Quentin told him to come back tomorrow and then called Tavaras. Tavaras rightly assumed, given the tall man’s forward nature, that he meant Quentin no harm. When the tall man returned on time, with precision that would make a watchmaker proud, Quentin told the him everything he knew about the rival dealer, snickering every time he said Bonedragger. Both because he was nervous about what Bonedragger would do when he found out Quentin gave him up to this man and also because Bonedragger is such a ridiculous name.
The next day, however, Bonedragger didn’t come searching. Instead, Quentin’s, and subsequently Tavaras’s, business doubled in the megacity. Bonedragger reached a very gory end, along with every member of his crew in the vicinity. Rumors circulated that there were over 1,000 spent shells on the ground, so many that the coroner broke his ankle as he slipped on the casings. There was only one survivor and he didn’t show up until about 10 months after the slaughter. He was a low-level henchman from Bonedraggers crew that got caught up in a burglary ring and the story he told made Melanie Shriever, the most senior and most hardened detective, throw up in the interrogation room’s garbage can after hearing it.
A similar story repeated a few more times across the country in ever larger markets. First Portland/Seattle, then Houston, then the Los Angeles/San Diego corridor, then the Boston megaplex. Every time, Tavaras got more and more rich. Each time, Tavaras fed more and more information through his underlings. By the time the tall man had arrived in New York, Tavaras had already sent word throughout his New York organization that whoever next met the tall man should give him the warehouse’s address and tell him to be there at 10 pm the next day. They were then to call Tavaras or Ginny, since they never separated, and tell him the meeting was set.
When the tall man arrived at 10:59, Tavares was impatient. Ginny was indifferent, but that was her normal expression. Rumors circulated that she used many of the products Tavaras sold, even though there was a strict prohibition against using the drugs, but those were never proven. She was known to carry two small curved blades tucked behind her back, only the curved edges cleaned and sharpened. The hilt and remainder of the blade rusting away with all of her previous victim’s blood. She was prone to snapping at a moment’s notice, usually at the slight nod of Tavaras’s head. Sometimes, in her indifferent state, she would misread a gesture from Tavaras and kill or maim the wrong person with a quick flash of her blades. Her augmented strength bursting from her calm demeanor.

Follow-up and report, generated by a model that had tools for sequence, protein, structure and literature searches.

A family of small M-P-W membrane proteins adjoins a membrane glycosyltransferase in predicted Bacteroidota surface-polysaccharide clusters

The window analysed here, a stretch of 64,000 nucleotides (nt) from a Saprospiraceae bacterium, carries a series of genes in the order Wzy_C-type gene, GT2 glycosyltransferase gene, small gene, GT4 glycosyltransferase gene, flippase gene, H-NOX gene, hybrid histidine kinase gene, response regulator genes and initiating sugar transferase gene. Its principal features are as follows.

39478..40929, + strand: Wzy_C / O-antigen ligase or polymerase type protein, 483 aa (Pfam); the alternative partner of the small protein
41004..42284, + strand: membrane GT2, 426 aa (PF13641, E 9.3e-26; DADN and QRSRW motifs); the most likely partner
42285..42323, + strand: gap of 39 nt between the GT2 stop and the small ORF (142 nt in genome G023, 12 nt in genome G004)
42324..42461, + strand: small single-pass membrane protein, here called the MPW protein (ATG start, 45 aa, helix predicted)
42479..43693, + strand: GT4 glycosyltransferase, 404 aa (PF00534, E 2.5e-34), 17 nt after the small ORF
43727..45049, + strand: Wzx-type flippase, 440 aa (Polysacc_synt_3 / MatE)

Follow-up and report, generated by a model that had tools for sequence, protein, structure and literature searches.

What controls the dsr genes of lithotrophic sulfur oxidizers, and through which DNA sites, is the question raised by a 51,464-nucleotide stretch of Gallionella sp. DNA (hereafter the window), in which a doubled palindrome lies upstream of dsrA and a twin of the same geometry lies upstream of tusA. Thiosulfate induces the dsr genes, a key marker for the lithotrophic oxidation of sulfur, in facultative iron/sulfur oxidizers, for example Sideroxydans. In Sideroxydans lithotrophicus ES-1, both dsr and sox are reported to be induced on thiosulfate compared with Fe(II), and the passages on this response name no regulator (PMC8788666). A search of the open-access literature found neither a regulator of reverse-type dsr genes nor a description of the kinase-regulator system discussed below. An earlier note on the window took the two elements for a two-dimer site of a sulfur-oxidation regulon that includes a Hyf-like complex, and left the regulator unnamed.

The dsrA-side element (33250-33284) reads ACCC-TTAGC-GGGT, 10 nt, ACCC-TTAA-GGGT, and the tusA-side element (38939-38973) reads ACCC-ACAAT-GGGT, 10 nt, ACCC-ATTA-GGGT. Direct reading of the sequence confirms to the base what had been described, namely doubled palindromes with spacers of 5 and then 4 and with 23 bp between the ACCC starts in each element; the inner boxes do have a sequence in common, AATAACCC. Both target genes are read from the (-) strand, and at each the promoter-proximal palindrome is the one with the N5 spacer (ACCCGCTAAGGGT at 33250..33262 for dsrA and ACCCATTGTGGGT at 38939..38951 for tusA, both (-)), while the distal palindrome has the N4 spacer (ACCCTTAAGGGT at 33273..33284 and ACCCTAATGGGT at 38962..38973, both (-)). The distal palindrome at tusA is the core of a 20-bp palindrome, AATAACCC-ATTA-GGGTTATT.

The tall man stood at the edge of the table attempting to seem at ease by smiling his crooked smile. In the back of his processing cortex, the tall man identified the pheromones in Tavaras that signaled stress.
“I’m not your normal everyday dealer, Mr…” Tavares started, and then turned to Ginny. “Do we know his name?”
“What’s your name, friend?”
The tall man stood a little straighter. A cursory scan from his internal sensor array allowed him to see the full complement of guards and innocents around the warehouse for .98 kilometers. He smiled again.
“Don’t speak much, do you? All right. I guess I’ll call you Lanky.” Tavaras paused, but only for effect. “Mr. Lanky, I called this meeting because I think we can work together. We seem to have similar designs, except your reasons are a little less clear than I’d like. You don’t ever take any money. You don’t ever set up a rival operation. You, Mr. Lanky, just destroy. But I like what you destroy. It makes me money. So I asked you to come here so we can make this, very strange arrangement, more official, more mutually beneficial.”
The air vent above Tavaras and Ginny’s head whirred to life, but the tall man did not sway or speak.
“You’ve got to want things, need things.” Tavaras drew out the word need.
Again, silence. In the background, the tall man could feel his processing cortex relinquish control to Dr. DeGuttern as the handshake verified his inbound link. His own thoughts and wishes fell behind a wall of processes that ensured his subservience to the good Doctor. Tavaras continued.
“I can give you whatever those things are. Cars. Drugs. People. Power. But I’d like something in return. I’d like you to finish off the Carasco family. I’d like you to take out the Elm Street Thugs. The Yakuza. Hell, all of them. You seem so very good at it. Come work for me. You’ve been been doing it for half a year now anyway, and I feel it’s high time we made this an official relationship. Don’t you?”